We are facing a quiet crisis of identity. The crisis penetrates through the shell of contemporary society, breaking, cracking, and scratching at our insides. It most visibly manifests itself when you answer the question “Who are you?” and you start your answer with “I am…”. 

And then you say, 

“I am a Christian/Buddhist/Hindu/atheist/etc.”

“I am a White/Black/Asian/Hispanic/etc. person.”

“I am a teacher/student/manager/doctor/worker/etc.”

“I am a man/woman/intergender/agender/etc.”

“I am a American/Chinese/Korean/Nigerian/etc.

“I am a straight/bisexual/gay/asexual/etc. person.”

Etc. etc. etc.

There is a sense that what you are doing here is identifying yourself. But what does that really mean? It seems like you are not simply describing yourself; there feels to be a difference between saying the phrases above and saying something like “I have black eyes” or “My height is 5’9”. Furthermore, it also seems like you are not  merely providing information that would make it easier to differentiate you from others, since you declare this kind of information even in a situation where that is not a concern of your identification. If you think carefully about it, it does not even necessarily seem to be a matter of degrees of importance; one anonymous friend of mine, for example, considers his academic interests to be far more important than his non-straight sexuality, and indeed, even viewed from an outside perspective, it influences his life far more. Yet, again, few would say that they identify as a history/math/science/etc. fan. 

               There is something much more complicated and unclear going on here. Some might say that this is merely a self-contained psychological process of self-identification: that, for example, saying “I am bisexual” is merely an action that reflects the speaker’s intrinsic belief that they are bisexual. But this is a naive stance. It is obviously not the case that humans are naturally born with an instinct that connects arbitrary words to certain states of affairs. The speaker’s belief that they are bisexual is contingent on the speaker’s conceptualization of bisexuality, being, and linguistics, which are morphed by extrinsic mechanisms. By their very nature of being words, “identifier words” such as different races, genders, sexualities, jobs, and so on, do not originate from the self. No one is born an Asian, man, Korean, etc. in the sense that they identify with those words, they become those things as they engage with society. This is how I still check off “Asian” on the census even though I think the very conceptualization of “Asian” is unsubstantial. I have never felt like an “Asian” (whatever that means), and yet I still am Asian in some way.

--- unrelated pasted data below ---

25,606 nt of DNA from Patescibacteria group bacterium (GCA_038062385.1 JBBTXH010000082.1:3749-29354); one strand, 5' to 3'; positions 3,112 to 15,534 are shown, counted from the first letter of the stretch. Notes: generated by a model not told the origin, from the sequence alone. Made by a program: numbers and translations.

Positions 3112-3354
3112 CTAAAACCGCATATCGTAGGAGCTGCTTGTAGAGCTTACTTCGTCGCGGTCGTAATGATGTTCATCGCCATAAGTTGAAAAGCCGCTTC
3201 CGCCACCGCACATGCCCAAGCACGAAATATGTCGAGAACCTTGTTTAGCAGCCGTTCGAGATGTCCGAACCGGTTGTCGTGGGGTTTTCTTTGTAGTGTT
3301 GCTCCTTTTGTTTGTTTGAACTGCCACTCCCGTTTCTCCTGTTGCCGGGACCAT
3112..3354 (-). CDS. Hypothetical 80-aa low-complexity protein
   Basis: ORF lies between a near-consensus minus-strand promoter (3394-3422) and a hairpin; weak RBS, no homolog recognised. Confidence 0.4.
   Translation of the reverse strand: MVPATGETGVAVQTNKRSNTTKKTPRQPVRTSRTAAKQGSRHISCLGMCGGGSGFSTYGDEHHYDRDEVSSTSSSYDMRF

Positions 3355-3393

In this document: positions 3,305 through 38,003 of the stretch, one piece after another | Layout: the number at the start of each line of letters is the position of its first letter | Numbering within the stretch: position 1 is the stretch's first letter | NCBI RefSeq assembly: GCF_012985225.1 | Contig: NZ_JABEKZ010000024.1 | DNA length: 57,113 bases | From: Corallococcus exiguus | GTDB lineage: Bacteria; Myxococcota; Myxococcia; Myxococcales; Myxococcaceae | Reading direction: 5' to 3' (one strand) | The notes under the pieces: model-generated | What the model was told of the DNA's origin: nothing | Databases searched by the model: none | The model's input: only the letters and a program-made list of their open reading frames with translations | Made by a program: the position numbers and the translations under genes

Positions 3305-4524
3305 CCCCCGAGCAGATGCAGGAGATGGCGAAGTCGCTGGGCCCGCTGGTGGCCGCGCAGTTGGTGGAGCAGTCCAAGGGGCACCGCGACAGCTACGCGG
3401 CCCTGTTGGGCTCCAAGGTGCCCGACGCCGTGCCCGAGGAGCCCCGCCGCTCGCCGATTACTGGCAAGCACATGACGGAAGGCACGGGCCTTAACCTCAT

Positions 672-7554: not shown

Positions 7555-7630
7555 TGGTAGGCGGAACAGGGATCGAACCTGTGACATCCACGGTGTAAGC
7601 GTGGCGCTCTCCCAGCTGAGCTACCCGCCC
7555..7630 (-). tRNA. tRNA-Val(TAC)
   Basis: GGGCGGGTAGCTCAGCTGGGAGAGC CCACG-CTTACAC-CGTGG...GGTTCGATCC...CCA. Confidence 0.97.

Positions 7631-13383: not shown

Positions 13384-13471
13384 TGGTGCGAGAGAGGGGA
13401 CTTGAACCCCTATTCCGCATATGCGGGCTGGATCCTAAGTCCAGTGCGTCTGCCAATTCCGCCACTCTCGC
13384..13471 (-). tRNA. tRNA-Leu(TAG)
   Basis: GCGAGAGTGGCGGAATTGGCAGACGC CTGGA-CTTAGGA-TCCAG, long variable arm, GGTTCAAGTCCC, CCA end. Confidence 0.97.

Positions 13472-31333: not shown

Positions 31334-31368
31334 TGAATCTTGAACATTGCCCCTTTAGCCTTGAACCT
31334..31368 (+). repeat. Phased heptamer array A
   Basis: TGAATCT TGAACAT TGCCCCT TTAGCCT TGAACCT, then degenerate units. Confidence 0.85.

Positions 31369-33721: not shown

The issue here is twofold. First, there is a semantic confusion in the evocation of “identity.” Second, there is a grammatical confusion in the way we perform identification, which then causes a conceptual confusion about identity, and this eventually leads to a concrete psychological crisis of identity. The second issue will be discussed in the next issue of the Centipede, while the first issue will be discussed here. 

When I say that there is a semantic confusion when evoking “identity,” I mean to say that the word seems to refer to various, sometimes conflicting concepts. Consider the following statement: “I identify as a man.” Here, “identify” functions as a reflexive action verb, where the “I” acts upon itself. In this way, it can be seen as equivalent to the statement “I identify myself as a man.” However, it can also be looked at so that “identify” effectively functions as a linking verb, in which the statement can actually be seen as equivalent to “I am a man.” Looking at the first interpretation under a philosophical lens, identifying is an action performed by a subject, while in the second one, identifying establishes the essence of the subject itself. This is why, for instance, the statement “I identify as a man” sounds natural, but the statement “I identify as a teacher” sounds odd, even though both “I am a man” and “I am a teacher” sound perfectly natural, and indeed both perform “identification”.